The Fascinating Future of SCM

Who would have said ten years ago that SCM is an exciting discipline? Not many! But isn’t it exciting what is currently going on? We can observe a number of disruptive innovations that are about to shift the way business is done. If we want to get a taste of what we will experience in SCM in the near future, we can look at how high-tech companies define it already now (see for example Microsoft’s definition of SCM): It will be about true visibility across end-to-end processes – and these processes involve raw material suppliers, component suppliers, …, and ultimately consumers. We might soon need to trash current textbooks that are based on over-simplistic OR models and Excel sheets. Such approaches are often too static to keep pace with current developments. Business schools will have to re-think their SCM curricula: Programming skills and knowledge about artificial intelligence might soon be expected by any SCM graduate.

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About Andreas Wieland

Dr. Andreas Wieland is an Associate Professor of Supply Chain Risk Management at the Department of Operations Management, Copenhagen Business School. His current research interests include resilient and socially responsible supply chains.

4 responses to “The Fascinating Future of SCM”

  1. Ouelid says :

    Thank you for this post, Andreas! Currently there are so many things happening… We need to bring the innovation perspective into the SCM discussion.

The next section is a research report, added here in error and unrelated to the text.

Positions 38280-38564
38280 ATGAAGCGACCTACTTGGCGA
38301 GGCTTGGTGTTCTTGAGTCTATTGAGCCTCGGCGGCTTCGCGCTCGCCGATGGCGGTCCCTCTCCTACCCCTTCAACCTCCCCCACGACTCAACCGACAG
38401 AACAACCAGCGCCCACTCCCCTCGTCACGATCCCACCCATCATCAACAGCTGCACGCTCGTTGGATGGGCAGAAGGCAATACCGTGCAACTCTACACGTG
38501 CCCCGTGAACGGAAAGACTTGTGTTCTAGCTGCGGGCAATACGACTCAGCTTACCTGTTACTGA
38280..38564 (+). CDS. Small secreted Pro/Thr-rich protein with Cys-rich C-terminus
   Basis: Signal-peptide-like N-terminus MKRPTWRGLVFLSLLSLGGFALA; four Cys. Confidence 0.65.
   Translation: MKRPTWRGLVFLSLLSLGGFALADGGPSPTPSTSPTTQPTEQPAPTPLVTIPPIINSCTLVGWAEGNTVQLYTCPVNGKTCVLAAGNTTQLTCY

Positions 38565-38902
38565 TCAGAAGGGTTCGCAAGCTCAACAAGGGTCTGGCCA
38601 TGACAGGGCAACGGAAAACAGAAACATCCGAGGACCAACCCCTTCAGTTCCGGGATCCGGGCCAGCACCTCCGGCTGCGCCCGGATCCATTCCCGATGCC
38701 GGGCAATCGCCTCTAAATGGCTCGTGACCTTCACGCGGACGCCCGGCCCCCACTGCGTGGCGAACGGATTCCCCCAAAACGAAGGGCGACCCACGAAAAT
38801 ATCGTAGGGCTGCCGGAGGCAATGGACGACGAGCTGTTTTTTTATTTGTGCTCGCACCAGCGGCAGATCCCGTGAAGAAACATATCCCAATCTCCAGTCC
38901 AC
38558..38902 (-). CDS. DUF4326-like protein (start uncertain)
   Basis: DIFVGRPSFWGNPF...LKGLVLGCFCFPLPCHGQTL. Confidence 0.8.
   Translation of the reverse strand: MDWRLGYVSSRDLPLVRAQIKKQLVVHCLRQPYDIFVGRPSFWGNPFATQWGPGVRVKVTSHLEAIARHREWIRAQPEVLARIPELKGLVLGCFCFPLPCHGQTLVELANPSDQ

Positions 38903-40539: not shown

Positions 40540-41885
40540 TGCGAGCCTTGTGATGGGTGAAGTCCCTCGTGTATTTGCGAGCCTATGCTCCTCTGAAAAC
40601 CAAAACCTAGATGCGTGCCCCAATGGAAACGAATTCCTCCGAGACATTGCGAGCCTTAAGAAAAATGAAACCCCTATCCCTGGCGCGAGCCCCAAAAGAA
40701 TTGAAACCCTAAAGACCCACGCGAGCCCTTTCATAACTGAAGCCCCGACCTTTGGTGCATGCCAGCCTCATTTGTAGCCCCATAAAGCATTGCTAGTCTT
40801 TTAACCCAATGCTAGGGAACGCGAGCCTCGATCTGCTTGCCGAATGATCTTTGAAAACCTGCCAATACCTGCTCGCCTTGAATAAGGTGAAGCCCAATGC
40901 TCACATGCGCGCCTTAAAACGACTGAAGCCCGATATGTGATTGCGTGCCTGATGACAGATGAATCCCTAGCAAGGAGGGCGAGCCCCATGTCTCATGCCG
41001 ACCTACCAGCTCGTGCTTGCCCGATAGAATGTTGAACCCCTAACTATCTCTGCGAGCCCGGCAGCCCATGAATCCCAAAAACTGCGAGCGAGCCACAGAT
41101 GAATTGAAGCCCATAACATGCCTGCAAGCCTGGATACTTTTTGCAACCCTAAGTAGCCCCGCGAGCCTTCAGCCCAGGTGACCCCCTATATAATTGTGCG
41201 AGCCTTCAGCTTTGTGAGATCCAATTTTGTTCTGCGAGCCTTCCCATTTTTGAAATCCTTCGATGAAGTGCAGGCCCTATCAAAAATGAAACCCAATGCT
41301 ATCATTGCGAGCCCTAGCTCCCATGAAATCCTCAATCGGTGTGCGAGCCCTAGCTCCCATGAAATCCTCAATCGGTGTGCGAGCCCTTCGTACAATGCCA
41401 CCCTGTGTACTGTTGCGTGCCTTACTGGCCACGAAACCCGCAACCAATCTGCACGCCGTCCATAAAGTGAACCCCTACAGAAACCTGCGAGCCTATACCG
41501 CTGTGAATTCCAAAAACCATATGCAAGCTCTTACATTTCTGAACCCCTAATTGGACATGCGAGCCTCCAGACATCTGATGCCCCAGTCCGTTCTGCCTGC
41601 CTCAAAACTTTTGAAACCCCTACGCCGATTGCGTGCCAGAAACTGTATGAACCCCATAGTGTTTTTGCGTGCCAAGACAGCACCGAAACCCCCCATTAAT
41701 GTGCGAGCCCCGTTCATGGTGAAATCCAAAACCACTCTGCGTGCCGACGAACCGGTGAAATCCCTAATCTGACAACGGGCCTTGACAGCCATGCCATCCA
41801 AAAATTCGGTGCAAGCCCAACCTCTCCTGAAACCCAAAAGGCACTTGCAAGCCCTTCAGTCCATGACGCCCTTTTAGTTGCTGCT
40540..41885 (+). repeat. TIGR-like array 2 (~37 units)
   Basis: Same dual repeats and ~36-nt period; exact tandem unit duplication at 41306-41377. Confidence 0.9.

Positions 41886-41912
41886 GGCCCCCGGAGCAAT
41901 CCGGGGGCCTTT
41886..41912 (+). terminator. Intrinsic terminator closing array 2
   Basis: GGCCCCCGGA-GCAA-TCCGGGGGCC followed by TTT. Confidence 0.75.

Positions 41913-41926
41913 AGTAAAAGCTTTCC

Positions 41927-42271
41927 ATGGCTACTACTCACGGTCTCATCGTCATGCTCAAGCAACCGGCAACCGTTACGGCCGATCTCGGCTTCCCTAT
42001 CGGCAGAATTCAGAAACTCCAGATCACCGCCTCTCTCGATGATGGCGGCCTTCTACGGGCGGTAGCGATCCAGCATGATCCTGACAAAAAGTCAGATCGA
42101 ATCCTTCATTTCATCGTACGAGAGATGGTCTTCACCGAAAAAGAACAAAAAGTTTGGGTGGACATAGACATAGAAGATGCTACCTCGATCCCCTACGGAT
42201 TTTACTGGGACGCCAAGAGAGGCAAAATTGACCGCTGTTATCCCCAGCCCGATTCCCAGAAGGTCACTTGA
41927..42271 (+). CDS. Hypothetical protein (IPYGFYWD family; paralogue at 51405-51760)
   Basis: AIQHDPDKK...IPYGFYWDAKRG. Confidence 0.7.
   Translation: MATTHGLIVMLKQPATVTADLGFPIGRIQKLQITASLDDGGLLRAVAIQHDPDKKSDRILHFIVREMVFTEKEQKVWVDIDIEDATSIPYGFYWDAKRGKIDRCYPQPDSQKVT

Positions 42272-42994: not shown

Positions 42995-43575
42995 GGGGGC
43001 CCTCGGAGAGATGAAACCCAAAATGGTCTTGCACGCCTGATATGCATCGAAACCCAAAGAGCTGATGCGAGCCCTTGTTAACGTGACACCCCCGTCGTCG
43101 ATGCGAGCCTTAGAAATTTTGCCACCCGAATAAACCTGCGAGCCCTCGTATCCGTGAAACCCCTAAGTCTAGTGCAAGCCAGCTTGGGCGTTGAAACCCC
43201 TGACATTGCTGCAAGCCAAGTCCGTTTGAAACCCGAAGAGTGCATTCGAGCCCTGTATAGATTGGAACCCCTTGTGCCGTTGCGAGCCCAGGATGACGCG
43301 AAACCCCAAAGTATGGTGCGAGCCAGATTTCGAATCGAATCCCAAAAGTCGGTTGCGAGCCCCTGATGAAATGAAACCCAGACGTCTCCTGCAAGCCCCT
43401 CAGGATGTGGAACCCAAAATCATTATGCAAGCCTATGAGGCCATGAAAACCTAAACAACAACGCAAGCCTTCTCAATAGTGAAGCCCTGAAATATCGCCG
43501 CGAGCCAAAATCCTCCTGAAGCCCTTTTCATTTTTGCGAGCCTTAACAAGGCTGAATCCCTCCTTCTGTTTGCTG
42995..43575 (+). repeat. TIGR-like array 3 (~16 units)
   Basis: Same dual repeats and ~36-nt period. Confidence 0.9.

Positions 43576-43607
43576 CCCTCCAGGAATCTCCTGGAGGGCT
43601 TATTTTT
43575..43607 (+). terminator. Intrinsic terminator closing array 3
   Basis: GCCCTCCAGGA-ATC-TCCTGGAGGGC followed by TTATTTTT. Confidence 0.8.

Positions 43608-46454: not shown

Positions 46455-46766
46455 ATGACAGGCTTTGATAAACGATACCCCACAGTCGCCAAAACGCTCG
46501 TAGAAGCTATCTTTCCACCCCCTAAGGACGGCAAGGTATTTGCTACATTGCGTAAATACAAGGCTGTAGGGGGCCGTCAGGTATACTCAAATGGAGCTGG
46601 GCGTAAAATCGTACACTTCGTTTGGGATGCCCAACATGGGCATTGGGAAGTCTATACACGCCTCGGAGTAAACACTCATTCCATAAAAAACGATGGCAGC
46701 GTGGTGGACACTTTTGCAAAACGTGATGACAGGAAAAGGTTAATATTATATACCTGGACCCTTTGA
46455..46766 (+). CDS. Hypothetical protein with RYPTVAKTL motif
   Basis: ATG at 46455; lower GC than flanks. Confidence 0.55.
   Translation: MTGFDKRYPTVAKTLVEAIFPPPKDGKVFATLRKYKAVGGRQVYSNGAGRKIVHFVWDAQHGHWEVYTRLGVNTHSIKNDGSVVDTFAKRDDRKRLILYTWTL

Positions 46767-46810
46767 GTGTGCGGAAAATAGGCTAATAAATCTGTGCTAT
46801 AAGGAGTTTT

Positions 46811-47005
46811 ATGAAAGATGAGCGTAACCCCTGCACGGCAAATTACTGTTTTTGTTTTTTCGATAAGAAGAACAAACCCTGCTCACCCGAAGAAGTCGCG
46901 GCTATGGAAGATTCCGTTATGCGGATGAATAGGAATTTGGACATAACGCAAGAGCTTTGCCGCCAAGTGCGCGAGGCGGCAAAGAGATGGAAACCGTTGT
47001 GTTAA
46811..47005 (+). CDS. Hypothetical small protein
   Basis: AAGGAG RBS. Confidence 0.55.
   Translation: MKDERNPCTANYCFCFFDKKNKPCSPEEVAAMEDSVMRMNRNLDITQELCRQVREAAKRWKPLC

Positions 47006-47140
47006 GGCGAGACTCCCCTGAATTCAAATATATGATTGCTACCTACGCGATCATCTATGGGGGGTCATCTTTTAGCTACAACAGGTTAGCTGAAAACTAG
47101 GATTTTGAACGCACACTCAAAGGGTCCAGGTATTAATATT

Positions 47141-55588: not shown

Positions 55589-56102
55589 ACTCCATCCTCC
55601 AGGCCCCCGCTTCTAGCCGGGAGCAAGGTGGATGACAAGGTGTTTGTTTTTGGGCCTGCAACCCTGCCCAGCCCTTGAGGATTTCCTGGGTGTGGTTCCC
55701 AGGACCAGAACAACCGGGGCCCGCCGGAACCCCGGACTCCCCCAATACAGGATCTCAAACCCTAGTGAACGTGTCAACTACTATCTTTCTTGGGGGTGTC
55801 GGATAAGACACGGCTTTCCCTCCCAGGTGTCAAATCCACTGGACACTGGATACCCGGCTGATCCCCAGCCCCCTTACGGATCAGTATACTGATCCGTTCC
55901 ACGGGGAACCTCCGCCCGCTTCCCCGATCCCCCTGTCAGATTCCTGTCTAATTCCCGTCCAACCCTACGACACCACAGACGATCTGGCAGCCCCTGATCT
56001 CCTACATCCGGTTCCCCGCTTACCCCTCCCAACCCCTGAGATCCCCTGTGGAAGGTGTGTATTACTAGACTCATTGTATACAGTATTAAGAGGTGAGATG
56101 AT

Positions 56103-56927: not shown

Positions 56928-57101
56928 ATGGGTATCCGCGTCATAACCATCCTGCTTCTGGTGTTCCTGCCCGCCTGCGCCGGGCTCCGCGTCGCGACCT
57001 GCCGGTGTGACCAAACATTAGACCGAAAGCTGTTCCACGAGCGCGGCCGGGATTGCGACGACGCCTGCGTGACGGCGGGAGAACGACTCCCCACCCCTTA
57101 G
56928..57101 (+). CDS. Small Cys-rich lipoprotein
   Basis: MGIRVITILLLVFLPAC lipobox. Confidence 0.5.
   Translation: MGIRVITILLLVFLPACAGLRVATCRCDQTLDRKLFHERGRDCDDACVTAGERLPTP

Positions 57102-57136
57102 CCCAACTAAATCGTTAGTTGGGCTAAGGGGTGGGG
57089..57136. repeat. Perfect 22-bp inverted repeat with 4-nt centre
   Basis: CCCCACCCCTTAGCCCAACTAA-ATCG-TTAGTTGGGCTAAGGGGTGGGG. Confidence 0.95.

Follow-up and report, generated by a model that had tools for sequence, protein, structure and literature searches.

2. focuschain says :

    Supply Chain Management is 70% about People (Change Management), 20% about Processes and 10% about Technology.
    Productivity on the Supply Chain is not about People not about Objects.

  3. focuschain says :

    Correction !!!
    Supply Chain Management is 70% about People (Change Management), 20% about Processes and 10% about Technology.
    Productivity on the Supply Chain is about People not about Objects.

  4. Elijah Lim says :

    Supply Chain can take a leaf or two from connective tissue in the human body. Blood, blood vessels, the lymphatic system, etc. Too many forget about reverse logistics as well. One important question is effects on consumers. What consumers want within the context of what consumers really need. That is the reason for the existence of SCM in the first place.

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